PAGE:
• $\begingroup$ It would be helpful if you would edit your question and include the model output. $\endgroup$ – COOLSerdash May 29 '13 at 14:29
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    $\begingroup$ Why did you model Temperature as a factor? Don't you have the actual numerical values? I would use them as a continuous variable & then this entire issue is moot. $\endgroup$ – gung May 29 '13 at 14:33
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    $\begingroup$ It's perfectly reasonable to want to know how to do this in general; your question stands. However, w/ regard to your specific situation, I would use temp as a continuous variable even if you had originally thought of it as a factor. Setting aside issues w/ multiple comparisons, modeling temp as a factor is an inefficient use of the info you have. $\endgroup$ – gung May 29 '13 at 15:48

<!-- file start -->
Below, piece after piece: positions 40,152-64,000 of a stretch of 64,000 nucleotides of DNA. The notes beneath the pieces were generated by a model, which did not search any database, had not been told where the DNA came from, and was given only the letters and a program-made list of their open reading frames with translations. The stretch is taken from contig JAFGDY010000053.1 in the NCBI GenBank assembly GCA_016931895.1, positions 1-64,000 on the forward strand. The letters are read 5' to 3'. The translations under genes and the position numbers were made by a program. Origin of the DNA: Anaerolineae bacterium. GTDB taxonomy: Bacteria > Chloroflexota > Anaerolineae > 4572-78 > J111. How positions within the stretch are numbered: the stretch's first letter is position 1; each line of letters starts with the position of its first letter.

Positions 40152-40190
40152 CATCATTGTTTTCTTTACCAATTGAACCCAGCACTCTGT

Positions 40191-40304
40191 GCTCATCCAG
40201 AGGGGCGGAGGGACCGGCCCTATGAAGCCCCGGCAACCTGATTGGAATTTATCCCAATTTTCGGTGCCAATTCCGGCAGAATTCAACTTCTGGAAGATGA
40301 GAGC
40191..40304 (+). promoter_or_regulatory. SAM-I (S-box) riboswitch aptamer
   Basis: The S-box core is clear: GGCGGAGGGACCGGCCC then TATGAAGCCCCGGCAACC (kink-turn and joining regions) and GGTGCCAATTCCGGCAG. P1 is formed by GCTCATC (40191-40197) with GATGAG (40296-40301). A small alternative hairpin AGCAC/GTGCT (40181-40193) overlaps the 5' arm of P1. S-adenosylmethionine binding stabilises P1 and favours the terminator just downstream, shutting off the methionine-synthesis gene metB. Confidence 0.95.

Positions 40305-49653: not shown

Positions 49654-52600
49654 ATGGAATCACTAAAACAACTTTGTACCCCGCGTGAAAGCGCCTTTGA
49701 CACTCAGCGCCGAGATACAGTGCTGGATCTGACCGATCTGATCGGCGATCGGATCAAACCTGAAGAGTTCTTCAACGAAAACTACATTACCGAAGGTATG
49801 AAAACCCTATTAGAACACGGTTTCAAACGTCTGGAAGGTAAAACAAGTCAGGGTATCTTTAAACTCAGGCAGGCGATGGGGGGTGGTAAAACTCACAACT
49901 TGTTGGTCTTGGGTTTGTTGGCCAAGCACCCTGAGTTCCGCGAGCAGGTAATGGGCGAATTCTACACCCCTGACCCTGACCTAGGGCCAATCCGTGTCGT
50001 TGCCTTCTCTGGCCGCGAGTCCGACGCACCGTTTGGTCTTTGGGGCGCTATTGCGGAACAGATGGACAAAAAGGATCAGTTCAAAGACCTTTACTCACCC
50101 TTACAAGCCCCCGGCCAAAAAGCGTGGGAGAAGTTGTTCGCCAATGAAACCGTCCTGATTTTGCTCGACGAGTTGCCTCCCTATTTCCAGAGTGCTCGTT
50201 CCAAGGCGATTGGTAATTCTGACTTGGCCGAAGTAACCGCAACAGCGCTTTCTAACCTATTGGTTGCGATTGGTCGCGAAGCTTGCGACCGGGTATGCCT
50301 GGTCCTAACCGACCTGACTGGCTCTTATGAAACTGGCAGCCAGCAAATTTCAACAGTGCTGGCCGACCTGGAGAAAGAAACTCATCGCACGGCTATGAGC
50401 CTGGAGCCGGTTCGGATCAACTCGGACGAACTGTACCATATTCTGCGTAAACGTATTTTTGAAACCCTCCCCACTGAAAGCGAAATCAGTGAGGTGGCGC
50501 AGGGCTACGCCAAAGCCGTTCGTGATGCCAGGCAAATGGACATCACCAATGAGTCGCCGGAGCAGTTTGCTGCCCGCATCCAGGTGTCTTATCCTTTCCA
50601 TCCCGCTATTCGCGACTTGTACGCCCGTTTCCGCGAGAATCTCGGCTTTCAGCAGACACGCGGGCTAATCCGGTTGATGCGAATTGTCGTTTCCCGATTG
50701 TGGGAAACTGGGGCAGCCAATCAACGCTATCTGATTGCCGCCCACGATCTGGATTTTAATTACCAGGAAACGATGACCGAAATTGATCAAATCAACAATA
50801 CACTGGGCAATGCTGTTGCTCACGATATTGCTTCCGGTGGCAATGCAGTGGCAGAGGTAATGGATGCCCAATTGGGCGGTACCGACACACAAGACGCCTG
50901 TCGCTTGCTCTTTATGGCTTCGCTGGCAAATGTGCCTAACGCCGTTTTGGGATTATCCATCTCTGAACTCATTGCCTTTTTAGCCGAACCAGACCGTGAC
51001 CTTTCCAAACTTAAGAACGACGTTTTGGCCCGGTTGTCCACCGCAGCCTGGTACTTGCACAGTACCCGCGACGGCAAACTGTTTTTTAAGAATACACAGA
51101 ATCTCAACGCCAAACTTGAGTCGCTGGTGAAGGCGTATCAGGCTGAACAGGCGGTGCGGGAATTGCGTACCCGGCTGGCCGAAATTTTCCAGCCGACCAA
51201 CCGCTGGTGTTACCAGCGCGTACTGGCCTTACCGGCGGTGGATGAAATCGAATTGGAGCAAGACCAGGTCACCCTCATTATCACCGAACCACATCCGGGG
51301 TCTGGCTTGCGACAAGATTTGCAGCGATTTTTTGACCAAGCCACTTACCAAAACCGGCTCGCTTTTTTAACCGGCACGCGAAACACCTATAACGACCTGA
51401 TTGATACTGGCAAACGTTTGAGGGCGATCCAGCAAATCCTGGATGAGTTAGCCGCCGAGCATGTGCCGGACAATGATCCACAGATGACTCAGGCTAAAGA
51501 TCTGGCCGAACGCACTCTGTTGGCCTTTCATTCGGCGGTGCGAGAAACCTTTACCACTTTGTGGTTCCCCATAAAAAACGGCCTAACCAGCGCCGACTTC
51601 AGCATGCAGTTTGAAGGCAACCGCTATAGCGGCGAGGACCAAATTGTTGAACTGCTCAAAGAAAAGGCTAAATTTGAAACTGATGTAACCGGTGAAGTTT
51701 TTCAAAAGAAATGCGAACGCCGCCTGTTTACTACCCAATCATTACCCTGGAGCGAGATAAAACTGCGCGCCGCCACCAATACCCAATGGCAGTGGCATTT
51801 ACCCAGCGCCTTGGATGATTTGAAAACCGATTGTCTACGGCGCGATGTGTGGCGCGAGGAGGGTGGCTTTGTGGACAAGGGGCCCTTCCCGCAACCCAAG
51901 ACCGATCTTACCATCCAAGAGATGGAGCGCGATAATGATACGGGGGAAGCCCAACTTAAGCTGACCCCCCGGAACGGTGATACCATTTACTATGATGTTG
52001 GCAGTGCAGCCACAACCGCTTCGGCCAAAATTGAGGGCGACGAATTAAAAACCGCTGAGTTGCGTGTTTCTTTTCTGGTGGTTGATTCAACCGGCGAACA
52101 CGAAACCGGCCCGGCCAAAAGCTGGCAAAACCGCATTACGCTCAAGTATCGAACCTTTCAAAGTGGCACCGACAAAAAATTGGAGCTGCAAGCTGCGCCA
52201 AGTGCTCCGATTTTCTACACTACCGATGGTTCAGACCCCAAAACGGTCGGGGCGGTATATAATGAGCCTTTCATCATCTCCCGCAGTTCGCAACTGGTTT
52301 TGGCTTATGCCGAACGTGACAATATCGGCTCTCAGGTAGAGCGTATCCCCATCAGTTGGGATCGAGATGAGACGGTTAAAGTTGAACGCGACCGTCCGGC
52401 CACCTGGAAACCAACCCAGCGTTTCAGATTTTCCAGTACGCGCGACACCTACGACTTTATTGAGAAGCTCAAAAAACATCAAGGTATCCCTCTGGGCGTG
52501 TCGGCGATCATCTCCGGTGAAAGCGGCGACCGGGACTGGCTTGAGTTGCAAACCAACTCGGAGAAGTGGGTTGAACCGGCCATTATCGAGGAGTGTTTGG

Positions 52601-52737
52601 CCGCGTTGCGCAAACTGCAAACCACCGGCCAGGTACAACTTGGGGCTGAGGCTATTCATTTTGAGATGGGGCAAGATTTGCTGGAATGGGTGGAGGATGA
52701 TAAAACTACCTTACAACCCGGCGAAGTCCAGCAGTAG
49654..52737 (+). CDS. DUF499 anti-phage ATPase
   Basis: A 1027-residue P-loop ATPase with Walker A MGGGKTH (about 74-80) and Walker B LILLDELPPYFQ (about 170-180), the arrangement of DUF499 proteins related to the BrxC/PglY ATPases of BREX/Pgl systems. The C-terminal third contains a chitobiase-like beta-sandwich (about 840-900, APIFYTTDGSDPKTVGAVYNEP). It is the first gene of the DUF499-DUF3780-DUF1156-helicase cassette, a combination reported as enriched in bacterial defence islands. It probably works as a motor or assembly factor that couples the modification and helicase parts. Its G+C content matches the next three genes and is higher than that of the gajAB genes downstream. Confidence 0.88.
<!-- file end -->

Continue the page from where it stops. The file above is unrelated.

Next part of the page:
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Anne, I will shorty explain how to do such multiple comparisons in general. Why this doesn't work in your specific case, I don't know; I'm sorry.

But normally, you can do it with the multcomp package and the function glht. Here is an example:

mydata      <- read.csv("http://www.ats.ucla.edu/stat/data/binary.csv")
mydata$rank <- factor(mydata$rank)
my.mod      <- glm(admit~gre+gpa*rank, data=mydata, family=quasibinomial)

summary(my.mod)
# 
# Coefficients:
#              Estimate Std. Error t value Pr(>|t|)  
# (Intercept) -4.985768   2.498395  -1.996   0.0467 *
# gre          0.002287   0.001110   2.060   0.0400 *
# gpa          1.089088   0.731319   1.489   0.1372  
# rank2        0.503294   2.982966   0.169   0.8661  
# rank3        0.450796   3.266665   0.138   0.8903  
# rank4       -1.508472   4.202000  -0.359   0.7198  
# gpa:rank2   -0.342951   0.864575  -0.397   0.6918